Nevada gaming regulators are prepared to revisit the issue of online gaming within the state should efforts to overturn federal laws prohibiting Internet poker be successful, the state’s top gaming industry regulator said Monday.
“We do have a statute in Nevada that would allow for online gambling,” Nevada Gaming Control Board Chairman Dennis Neilander said. “It’s something we’ve given quite a lot of thought to over the years.”
In 2001, Nevada passed legislation that allowed the Nevada Gaming Commission, working with the Control Board, to adopt regulations governing the licensing and operation of online gaming in the state.
Neilander said there were three issues the state law needed to answer before it could be implemented, though, including if online gaming could be done in compliance with all federal laws.
“We could never meet that criteria, so we didn’t move forward,” said Neilander.
He said if Senate Majority Leader Harry Reid’s efforts to legalize online poker are successful, the state would be ready to proceed.
Before such regulations can be adopted, the state law requires regulators to determine if the federal law is “consistent with the public policy of Nevada,” and are there proper security measures to “restrict access from prohibited jurisdictions and to keep minors from wagering,” he said.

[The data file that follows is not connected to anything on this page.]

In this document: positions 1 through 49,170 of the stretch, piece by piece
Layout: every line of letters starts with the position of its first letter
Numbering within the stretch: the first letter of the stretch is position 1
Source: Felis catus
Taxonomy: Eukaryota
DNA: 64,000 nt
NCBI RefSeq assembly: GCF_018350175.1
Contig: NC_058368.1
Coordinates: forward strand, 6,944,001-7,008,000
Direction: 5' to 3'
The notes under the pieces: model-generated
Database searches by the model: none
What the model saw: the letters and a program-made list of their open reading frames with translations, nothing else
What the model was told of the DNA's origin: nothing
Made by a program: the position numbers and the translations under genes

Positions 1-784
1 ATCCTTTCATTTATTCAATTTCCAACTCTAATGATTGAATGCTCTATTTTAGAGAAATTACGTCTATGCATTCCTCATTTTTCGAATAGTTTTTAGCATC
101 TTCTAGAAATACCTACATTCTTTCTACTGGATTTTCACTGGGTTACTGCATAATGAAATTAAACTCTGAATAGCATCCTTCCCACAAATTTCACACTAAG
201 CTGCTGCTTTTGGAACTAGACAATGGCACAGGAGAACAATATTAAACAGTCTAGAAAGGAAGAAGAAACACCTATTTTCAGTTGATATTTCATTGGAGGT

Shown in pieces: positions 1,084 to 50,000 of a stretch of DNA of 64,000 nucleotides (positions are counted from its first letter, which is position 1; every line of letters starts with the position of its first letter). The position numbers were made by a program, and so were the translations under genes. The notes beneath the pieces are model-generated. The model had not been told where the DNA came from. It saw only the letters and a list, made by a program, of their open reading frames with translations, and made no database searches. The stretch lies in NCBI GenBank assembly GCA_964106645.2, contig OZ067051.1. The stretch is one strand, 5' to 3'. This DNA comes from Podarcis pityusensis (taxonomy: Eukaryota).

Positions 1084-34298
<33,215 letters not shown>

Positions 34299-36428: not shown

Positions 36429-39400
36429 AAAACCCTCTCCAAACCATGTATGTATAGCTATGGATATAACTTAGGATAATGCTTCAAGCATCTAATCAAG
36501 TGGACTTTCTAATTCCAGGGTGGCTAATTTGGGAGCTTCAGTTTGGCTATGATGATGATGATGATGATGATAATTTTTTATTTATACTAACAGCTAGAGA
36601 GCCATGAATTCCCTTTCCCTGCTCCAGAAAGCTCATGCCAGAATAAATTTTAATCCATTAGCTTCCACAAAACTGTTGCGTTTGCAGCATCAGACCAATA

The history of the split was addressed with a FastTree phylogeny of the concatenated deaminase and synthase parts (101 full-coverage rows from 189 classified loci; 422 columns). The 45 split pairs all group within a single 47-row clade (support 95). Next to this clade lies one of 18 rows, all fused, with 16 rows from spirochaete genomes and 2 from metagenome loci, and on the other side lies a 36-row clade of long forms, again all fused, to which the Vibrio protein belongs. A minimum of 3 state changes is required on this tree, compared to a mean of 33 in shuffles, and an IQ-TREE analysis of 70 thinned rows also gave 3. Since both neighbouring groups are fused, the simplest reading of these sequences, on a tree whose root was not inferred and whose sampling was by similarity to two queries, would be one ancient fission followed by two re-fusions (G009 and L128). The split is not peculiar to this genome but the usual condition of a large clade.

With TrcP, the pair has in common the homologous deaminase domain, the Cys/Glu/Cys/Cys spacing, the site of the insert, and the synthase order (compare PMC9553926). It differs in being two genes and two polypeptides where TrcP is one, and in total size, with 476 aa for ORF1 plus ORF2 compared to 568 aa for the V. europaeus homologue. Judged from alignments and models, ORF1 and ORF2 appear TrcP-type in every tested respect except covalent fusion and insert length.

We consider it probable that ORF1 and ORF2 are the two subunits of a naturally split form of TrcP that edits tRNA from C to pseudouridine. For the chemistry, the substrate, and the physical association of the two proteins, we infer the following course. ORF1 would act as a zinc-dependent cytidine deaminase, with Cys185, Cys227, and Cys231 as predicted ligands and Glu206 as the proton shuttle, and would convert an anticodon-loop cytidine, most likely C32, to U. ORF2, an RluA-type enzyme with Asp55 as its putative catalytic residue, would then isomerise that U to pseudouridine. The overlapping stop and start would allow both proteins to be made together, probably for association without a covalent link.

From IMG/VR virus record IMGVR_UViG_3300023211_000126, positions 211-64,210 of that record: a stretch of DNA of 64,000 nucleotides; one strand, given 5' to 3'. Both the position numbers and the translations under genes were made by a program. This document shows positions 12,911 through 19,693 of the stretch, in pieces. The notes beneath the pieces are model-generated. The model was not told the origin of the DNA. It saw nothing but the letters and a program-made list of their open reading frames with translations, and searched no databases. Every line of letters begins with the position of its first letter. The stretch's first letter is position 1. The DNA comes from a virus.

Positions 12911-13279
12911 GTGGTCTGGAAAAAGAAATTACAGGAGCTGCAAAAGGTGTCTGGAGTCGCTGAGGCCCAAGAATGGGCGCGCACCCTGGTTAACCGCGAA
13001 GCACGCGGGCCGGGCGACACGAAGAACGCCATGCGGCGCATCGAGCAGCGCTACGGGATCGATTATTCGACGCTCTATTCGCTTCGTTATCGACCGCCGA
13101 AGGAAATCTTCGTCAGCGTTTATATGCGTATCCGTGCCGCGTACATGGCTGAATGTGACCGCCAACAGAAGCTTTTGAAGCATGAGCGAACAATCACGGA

On Friday, Reid, D-Nev., began circulating a draft bill to legalize online poker. Sports wagering and other forms of gaming would still be illegal. The bill would also outsource oversight to state regulators and send taxes to both state and federal governments.
Neilander said the Nevada Control Board and Gaming Commission would “not take a position” on Reid’s proposal.
Online gambling in the United States was banned in 2006 with the passage of the Unlawful Internet Gambling Enforcement Act.
The law, which was included in a port security bill that Congress voted on before the mid-term elections in 2006, forced U.S. banks and credit card companies to block electronic transactions to Internet gambling businesses, prohibited the use of checks to fund online accounts and included provisions that Internet service providers could be required to block access and remove links to gambling websites.
The Professional and Amateur Sports Protection Act passed by Congress in 1992 basically outlawed sports betting nationwide, expect for sports lotteries in Oregon, Delaware and Montana as well as licensed sports books in Nevada.
H2 Gambling Capital, a Manchester, U.K.-based market analysis firm for the gaming industry, predicts legal online gambling in the United States would create 32,000 jobs and $57.5 billion in tax revenue over five years.
The offshore real money Internet market generates approximately $105 billion in bets and $5.1 billion in gross win annually from the U.S. the firm said in a recent report.
Contact reporter Chris Sieroty at firstname.lastname@example.org or 702-477-3893.